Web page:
I have been reading some of G.K. Chesterton’s fiction. I read “The Man Who Was Thursday” because I’d seen the title before and wondered what it could possibly be about. I found it fascinating.
I also read “The Man Who Knew Too Much”. For those of you who, like me, don’t know much about Chesterton, this is a series of detective stories featuring a main character named Horne Fisher, who, though not a detective, really, solves many a murder mystery. The problem is, many times the culprit goes free because Mr. Fisher knows too much – his connections with government officials (by way of family ties) has put him in possession of much information concerning internal and external politics. When he allows a murderer to escape, it is for the greater good; not accusing the perpetrator averts a calamity that would cause much more suffering for many more people.
In the last story, Horne Fisher is confronted by his friend who wonders why Horne doesn’t do something about the corruption he knows is rampant in the government; why doesn’t he expose the incompetence and ineptitude of the government officials? But Horne says the following to his friend (with my emphasis):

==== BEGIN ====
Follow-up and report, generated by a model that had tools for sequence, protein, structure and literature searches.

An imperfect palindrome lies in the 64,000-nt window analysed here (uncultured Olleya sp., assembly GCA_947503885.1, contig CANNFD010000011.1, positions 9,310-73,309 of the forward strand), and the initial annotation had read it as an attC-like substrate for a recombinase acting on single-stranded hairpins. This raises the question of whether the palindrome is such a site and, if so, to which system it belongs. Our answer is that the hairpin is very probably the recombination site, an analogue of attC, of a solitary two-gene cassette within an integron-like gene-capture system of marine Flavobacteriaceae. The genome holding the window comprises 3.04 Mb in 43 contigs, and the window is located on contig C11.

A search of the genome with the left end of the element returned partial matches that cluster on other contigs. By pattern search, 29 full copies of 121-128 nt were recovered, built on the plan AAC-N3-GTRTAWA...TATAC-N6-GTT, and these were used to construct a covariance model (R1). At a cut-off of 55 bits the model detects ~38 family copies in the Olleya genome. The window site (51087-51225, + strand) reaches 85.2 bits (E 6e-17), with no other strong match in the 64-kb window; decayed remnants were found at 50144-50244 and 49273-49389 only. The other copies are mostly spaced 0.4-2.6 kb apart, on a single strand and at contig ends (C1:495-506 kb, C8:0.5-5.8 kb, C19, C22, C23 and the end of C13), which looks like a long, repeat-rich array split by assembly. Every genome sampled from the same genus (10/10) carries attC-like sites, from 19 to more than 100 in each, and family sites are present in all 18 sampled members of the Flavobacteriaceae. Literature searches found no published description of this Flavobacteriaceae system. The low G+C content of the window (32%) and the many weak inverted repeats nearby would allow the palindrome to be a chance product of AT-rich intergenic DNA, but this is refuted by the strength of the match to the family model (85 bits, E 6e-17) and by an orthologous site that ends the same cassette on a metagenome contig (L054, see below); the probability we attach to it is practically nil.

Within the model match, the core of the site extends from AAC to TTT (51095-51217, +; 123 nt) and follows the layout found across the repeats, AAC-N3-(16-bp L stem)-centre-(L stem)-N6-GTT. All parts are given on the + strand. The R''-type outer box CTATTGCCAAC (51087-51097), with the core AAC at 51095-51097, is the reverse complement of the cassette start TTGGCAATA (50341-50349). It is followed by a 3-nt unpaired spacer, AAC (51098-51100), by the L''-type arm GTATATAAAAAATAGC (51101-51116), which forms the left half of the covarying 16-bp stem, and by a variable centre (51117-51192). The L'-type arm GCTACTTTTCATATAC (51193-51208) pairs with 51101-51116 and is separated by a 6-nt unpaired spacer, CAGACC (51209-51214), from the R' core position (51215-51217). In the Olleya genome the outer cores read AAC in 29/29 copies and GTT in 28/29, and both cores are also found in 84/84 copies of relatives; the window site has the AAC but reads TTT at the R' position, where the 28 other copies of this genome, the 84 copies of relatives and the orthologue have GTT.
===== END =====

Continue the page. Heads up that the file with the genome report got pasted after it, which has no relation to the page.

Did you think I had found nothing but filth in the deep seas into which fate has thrown me? Believe me, you never know the best about men till you know the worst about them. It does not dispose of their strange human souls to know that they were exhibited to the world as impossible impeccable waxworks, who never looked after a woman or knew the meaning of a bribe. Even in a palace life can be lived well, and even in a parliament life can be lived with occasional efforts to live it well. I tell you it is as true of these rich fools and rascals as it is true of every poor footpad and pickpocket: that only God knows how good they have tried to be. God alone knows what the conscience can survive, or how a man who has lost his honour will still try to save his soul.
I know that for myself, there is a great temptation to judge a person’s soul by the actions I notice. And of course, I notice most especially the bad actions – the ones that, for instance, seem just plain mean-spirited. Come to think of it, I do the same for good actions – if that is my first impression of the person, and if there are few further interactions by which to discern the motives, values, and attitudes of the person.
But as Chesterton notes, people are not usually all that simple. They are complicated. They are full of internal contradictions as well as outward ones. Who was the poet who said of the little girl with the curl that “when she was good, she was very very good, and when she was bad, she was horrid”? (Longfellow. I googled.)
So Horne Fisher’s musings on the souls of his government-employed family members makes me pause for a moment in the uncharitable thoughts I tend to think about a few priests and prelates I know, as well as a few of my own family members. After all, as Horne Fisher says, “Only God knows how good they have tried to be.”
Lord Jesus Christ, have mercy on me.